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Author Ignovska, Elena,
Title Sperm donation, single women and filiation / Elena Ignovska.
Imprint Cambridge, U.K. ; Portland, OR : Intersentia, [2015]

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Author Ignovska, Elena,
Subject Artificial insemination, Human -- Law and legislation.
Human reproductive technology -- Law and legislation.
Parent and child (Law)
Single women -- Legal status, laws, etc.
Artificial insemination, Human -- Law and legislation -- European Union countries.
Artificial insemination, Human -- Law and legislation -- North Macedonia.
Description 1 online resource (xv, 384 pages)
Bibliography Note Includes bibliographical references (pages 347-384).
Note "On 10 september 2014, ghent university law school (belgium) awarded elena ignovska the degree of doctor of law. ... the present volume is the commercial edition of her dissertation."--Foreword.
Contents Part 1. Mapping the terrain from an interdisciplinary and international perspective: Terminology -- International regulations -- Overview of the national regulations in ten European countries -- Part 2. The legal, ethical and sociological positions of the participants: Assisting single women to found families -- Sperm donors as assistance to reproduction for single women -- Children conceived by sperm donors' assistance to single women -- Part 3. Legal ways of establishing fatherhood: Establishing fatherhood through an international prism -- Applying the results of the analysis in the case of the Republic of Macedonia.
Summary Although recent family law debates have been predominantly paedo-centric, the founding of "bio-medically assisted families" still focuses on the individual parents' rights to reproduce. By introducing donations, the donor's genetic contribution becomes instrumental, and the legal attribution of parenthood is negotiated through expressed intentions. The absence of a genetic, social, and/or legal father can only occur in single women's conceptions by choice, hence calling into question the role of the societal father. This neglects the future child's voice in private and family life issues on at least two levels: the informational level (lacking information about origins, often related to personal identity) and the legal/functional level (care provided by both parents). Furthermore, it emphasizes the inconsistency in the treatment of "naturally" and "artificially" conceived children, since the latter have restricted access to parental judicial proceedings. The conflicts between individuals in the family go beyond national family laws and become a matter of reconciling progenitors' and children's human rights. Yet, the discrepancies between different civil law jurisdictions are remarkable. In addition, the sensitivity of the filiation of children conceived by sperm donation to single women requires more than legal solutions - it requires an interdisciplinary approach encompassing ethics, psychology, anthropology, and sociology. Moreover, in debating the situation and suggesting solutions, the issue also becomes political. This book clarifies many concepts and examines the rationale behind this legal complexity in ten national European jurisdictions. It also confronts the rights and responsibilities of the stakeholders, providing a balanced independent conclusion and suggestions towards international harmonization.-- Provided by Publisher.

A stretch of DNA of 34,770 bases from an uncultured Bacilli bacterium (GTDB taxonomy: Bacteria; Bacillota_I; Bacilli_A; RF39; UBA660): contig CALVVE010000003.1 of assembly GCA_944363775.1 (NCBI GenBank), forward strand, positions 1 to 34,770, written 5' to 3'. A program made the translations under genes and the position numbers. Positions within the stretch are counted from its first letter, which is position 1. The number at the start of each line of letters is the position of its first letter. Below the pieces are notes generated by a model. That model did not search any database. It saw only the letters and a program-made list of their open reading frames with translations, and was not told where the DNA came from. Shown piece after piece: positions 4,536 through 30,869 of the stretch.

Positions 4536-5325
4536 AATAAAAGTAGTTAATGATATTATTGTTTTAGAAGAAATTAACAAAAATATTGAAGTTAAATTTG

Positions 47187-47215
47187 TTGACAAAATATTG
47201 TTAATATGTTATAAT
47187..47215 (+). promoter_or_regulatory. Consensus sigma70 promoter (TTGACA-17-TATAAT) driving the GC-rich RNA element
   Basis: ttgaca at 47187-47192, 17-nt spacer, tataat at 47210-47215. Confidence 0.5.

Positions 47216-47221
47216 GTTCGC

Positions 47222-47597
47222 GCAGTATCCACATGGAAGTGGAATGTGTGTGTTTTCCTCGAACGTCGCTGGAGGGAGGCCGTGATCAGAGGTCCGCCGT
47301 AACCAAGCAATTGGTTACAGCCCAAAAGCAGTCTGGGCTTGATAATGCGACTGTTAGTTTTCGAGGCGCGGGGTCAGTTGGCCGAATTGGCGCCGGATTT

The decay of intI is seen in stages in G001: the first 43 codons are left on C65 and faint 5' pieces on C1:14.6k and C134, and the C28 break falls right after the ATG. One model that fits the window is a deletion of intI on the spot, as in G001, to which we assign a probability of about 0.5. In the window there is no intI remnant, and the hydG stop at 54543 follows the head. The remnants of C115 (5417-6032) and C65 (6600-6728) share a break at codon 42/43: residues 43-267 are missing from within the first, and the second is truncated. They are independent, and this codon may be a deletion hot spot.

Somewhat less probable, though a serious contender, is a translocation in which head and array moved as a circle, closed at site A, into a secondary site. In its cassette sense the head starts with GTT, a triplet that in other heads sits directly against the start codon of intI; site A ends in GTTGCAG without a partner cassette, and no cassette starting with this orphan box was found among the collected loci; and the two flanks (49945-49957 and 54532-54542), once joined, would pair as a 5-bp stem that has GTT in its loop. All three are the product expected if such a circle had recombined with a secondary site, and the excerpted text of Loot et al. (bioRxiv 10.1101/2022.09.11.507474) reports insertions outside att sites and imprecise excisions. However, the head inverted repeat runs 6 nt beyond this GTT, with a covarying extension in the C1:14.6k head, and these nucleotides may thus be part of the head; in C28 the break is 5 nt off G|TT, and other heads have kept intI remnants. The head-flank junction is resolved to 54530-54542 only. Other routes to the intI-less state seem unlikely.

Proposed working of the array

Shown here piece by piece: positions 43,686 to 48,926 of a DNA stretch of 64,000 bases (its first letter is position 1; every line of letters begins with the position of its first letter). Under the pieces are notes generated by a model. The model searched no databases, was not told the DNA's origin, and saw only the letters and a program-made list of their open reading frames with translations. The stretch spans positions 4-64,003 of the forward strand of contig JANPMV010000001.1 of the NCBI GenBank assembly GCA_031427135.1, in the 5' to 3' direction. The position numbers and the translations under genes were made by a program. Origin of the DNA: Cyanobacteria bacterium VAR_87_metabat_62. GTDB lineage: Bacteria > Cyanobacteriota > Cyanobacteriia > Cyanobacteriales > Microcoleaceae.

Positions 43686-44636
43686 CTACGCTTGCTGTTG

Note Print version record.
ISBN 9781780683362 (pbk.)
1780683367 (pbk.)
OCLC # 1021283751
Additional Format Print version: Ignovska, Elena. Sperm donation, single women and filiation. Cambridge, U.K. ; Portland, OR : Intersentia, [2015] 1780683367 9781780683362 (DLC) 2015463416 (OCoLC)931645613.

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